Sericea Lespedeza Control Strategies Differ in Their Impacts on Overall Range Health and Native Plant Species Composition
prescribed burning, sericea lespedeza, tallgrass prairie
Objective: The objective of this study was to evaluate the effects of sericea lespedeza (Lespedeza cuneata) control strategies of late summer prescribed burning and fall herbicide application on soil cover, native plant populations, and biological diversity.
Study Description: We established 16 individual units within an 80-acre native tallgrass pasture. Each unit was assigned to 1 of 4 treatments: control, spray only, burn only, or burn-plus-spray. Burn only and burn-plus-spray units were burned in early September. Spray only and burn-plus-spray units were sprayed with metsulfuron methyl (Escort XP, DuPont, Wilmington, DE) in late September. The change in soil cover and plant community composition from prior to treatment application to 1 year after treatment was measured.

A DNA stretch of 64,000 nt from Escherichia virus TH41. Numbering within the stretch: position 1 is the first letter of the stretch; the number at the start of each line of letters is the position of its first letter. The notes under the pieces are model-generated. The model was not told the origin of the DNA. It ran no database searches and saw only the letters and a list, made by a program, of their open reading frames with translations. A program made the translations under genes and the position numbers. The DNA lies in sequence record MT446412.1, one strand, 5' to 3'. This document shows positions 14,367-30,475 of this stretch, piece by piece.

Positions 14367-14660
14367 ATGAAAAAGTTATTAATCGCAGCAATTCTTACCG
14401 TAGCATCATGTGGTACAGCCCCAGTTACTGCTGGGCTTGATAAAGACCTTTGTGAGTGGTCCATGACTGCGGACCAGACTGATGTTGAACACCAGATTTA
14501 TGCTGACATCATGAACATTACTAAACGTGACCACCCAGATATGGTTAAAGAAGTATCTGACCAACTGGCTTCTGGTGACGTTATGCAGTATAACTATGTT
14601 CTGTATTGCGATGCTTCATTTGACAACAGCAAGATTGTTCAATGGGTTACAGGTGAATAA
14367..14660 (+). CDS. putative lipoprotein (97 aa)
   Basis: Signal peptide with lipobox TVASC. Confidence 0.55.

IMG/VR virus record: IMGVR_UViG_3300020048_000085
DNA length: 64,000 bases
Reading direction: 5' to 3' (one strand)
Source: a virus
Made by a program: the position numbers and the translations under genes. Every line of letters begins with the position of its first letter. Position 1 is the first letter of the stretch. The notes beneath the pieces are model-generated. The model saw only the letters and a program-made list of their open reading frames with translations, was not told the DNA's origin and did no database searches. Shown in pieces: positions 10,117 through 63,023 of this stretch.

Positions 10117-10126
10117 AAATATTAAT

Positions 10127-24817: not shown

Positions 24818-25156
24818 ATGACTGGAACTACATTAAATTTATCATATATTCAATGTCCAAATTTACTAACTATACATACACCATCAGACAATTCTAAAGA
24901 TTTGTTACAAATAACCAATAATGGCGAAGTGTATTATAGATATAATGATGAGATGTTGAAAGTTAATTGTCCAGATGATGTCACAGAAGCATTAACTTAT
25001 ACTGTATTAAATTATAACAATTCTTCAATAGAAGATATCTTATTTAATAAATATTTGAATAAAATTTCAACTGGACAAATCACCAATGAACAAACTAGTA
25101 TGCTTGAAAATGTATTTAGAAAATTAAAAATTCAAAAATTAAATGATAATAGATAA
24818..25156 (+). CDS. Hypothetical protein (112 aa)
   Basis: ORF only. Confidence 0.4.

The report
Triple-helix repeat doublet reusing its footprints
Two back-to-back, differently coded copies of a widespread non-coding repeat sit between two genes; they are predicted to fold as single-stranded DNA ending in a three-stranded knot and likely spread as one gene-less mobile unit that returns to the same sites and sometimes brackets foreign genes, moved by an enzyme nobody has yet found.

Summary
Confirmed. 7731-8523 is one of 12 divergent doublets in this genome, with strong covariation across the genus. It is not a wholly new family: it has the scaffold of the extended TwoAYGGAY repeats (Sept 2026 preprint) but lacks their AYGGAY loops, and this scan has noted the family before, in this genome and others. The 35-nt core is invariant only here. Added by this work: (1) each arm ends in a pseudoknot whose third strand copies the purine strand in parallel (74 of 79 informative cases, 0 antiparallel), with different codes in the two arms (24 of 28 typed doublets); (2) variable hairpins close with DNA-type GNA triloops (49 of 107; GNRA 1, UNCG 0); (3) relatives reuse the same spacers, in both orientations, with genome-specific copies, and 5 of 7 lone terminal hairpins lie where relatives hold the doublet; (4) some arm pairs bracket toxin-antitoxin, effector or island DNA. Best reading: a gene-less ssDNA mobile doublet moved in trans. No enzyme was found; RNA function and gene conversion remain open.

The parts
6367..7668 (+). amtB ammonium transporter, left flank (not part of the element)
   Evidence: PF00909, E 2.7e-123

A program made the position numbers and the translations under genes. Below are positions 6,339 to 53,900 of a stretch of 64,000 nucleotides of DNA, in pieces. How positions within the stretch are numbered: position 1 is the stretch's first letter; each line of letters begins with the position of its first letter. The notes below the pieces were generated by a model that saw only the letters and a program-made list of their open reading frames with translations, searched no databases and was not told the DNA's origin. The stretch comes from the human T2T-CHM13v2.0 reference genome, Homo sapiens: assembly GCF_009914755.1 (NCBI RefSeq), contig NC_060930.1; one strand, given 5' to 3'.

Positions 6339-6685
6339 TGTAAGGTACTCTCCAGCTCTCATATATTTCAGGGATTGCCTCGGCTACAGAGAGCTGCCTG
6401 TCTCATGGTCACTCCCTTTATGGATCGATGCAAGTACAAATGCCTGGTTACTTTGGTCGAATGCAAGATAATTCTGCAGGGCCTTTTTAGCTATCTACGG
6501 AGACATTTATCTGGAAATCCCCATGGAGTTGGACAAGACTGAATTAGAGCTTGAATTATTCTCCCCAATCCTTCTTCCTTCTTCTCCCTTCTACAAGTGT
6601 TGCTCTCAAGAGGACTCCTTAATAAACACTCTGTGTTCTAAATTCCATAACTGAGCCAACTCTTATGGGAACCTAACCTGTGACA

The Bottom Line: The benefits of curbing a major invasion of sericea lespedeza may make burn-plus-spray a desirable short-term strategy in some instances, but widespread or extended use of the practice should be applied with caution.
Gatson, G. A.; Fick, W. H.; Hsu, W. W.; and Olson, K C.
"Sericea Lespedeza Control Strategies Differ in Their Impacts on Overall Range Health and Native Plant Species Composition,"
Kansas Agricultural Experiment Station Research Reports: